Semper letteris mandate
Somewhere out there is a man who believes I’m an angel. And I don’t mean one of those wimpy angels everyone knows is just some mortal Good Samaritan who does a good deed and then modestly walks away without giving his name. (“Oh, he was like an angel come just at the right moment to save me from that bus!“) No sir! In the unlikely event that I ever do a good deed, I bloody well want newspaper and TV coverage. And I’m going to make sure they spell my name right.
No, when I say he thought I was an angel, I’m talking about the real thing: a supernatural creature with magical powers.
One of my few strengths is the ability to improvise. This often kept me out of trouble when I was a teenager. For instance, during lunch hour in high school, I would take the record player they used in typing class and set it up in an empty room. There, two of my friends and I would eat lunch while listening to Procol Harem and Grand Funk Railroad. I always got the record player back to the class room before the teacher arrived, so nobody ever missed it.
Except once. I’d just set it on the desk and was plugging it in when typewriting teacher walked in.
“What are you doing?” she asked.
I picked up the arm, pointed to the needle, and said, “There wasn’t anything really wrong with it. The diacrystal just came loose.”
Now, I have no idea what a diacrystal is, nor why that particular word came to mind — possibly my mind was reaching for piezo crystal, but was unable to find it due to the chaos created by the panicky creature running around in my head. In any event, it worked. The teacher immediately became conciliatory, said she hadn’t realized there’d been a problem, and thanked me profusely for fixing it.
But as neat as that was, at no point did she mistake me for a supernatural being.
That came later.
It was shortly after I’d moved to Toronto. I was working in the exciting field of Mobile Promotional Communications Distribution — or what the uninitiated call “door-to-door leafleting.” It was around November, early morning after a cold night. There was still frost on the ground, but the day was going to be warm, and although I was wearing a long, black coat, I had it open with the leaflets clutched in one arm against my chest.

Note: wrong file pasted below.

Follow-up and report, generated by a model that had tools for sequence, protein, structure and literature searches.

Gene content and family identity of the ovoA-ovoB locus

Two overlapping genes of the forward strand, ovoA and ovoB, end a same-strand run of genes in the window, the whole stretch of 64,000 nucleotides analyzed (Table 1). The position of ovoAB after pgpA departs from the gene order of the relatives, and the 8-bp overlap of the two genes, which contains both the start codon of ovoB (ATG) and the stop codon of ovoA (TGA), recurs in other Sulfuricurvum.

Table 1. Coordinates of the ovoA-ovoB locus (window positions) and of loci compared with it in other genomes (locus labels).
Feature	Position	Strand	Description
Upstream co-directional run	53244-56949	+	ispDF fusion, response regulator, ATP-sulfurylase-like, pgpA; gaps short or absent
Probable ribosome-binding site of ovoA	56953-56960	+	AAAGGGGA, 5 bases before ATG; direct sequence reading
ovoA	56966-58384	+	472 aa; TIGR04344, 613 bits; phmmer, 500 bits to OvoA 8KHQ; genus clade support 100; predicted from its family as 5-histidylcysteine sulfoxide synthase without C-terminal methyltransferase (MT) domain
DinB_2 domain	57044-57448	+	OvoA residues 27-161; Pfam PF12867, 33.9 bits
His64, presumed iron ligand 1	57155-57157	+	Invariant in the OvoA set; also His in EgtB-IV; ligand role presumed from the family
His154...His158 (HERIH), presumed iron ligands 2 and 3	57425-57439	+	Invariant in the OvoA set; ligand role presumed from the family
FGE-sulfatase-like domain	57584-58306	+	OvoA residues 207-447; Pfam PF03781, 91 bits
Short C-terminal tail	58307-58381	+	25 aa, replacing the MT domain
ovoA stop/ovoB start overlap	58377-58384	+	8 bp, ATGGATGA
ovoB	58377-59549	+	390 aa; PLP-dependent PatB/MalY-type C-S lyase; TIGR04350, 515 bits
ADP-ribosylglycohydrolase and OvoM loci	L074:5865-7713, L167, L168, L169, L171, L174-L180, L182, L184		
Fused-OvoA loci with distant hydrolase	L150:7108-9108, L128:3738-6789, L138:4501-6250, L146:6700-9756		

Remember that image of the long black coat. Open. Kind of like a cape.
I came across a young sparrow shivering on the side walk Figuring that if I left him there he’d either freeze or become breakfast for a neighbourhood cat, I picked him up and tucked him behind the pamphlets. Not long afterwards, I came across a guy about my age waiting for a friend to pick him up outside his house. We talked for a few minutes, and then I walked on.
I’d gone about fifteen feet when I felt the bird starting to flutter. I stopped, turned, and when I’d caught the other guy’s eye, I opened my arms in a dramatic fashion and the bird flew out of my chest.
The look on his face is one I’ll never forget for as long as I live.
Years later I actually joined the IBM (International Brotherhood of Magicians) through Toronto’s Hat and Rabbit Club (Ring 17). I performed magic on many occasions, including a dinner for Beauty and the Beast fans. But nothing I’ve done since that cool November morning could ever top the feeling I had when, for a brief moment, I truly felt magical.
Still, sometimes I think of that young man, now in his 50s, sitting alone in front of the shrine he undoubtedly set up to commemorate his visitation from an angel, and I have to admit — I feel a little guilty.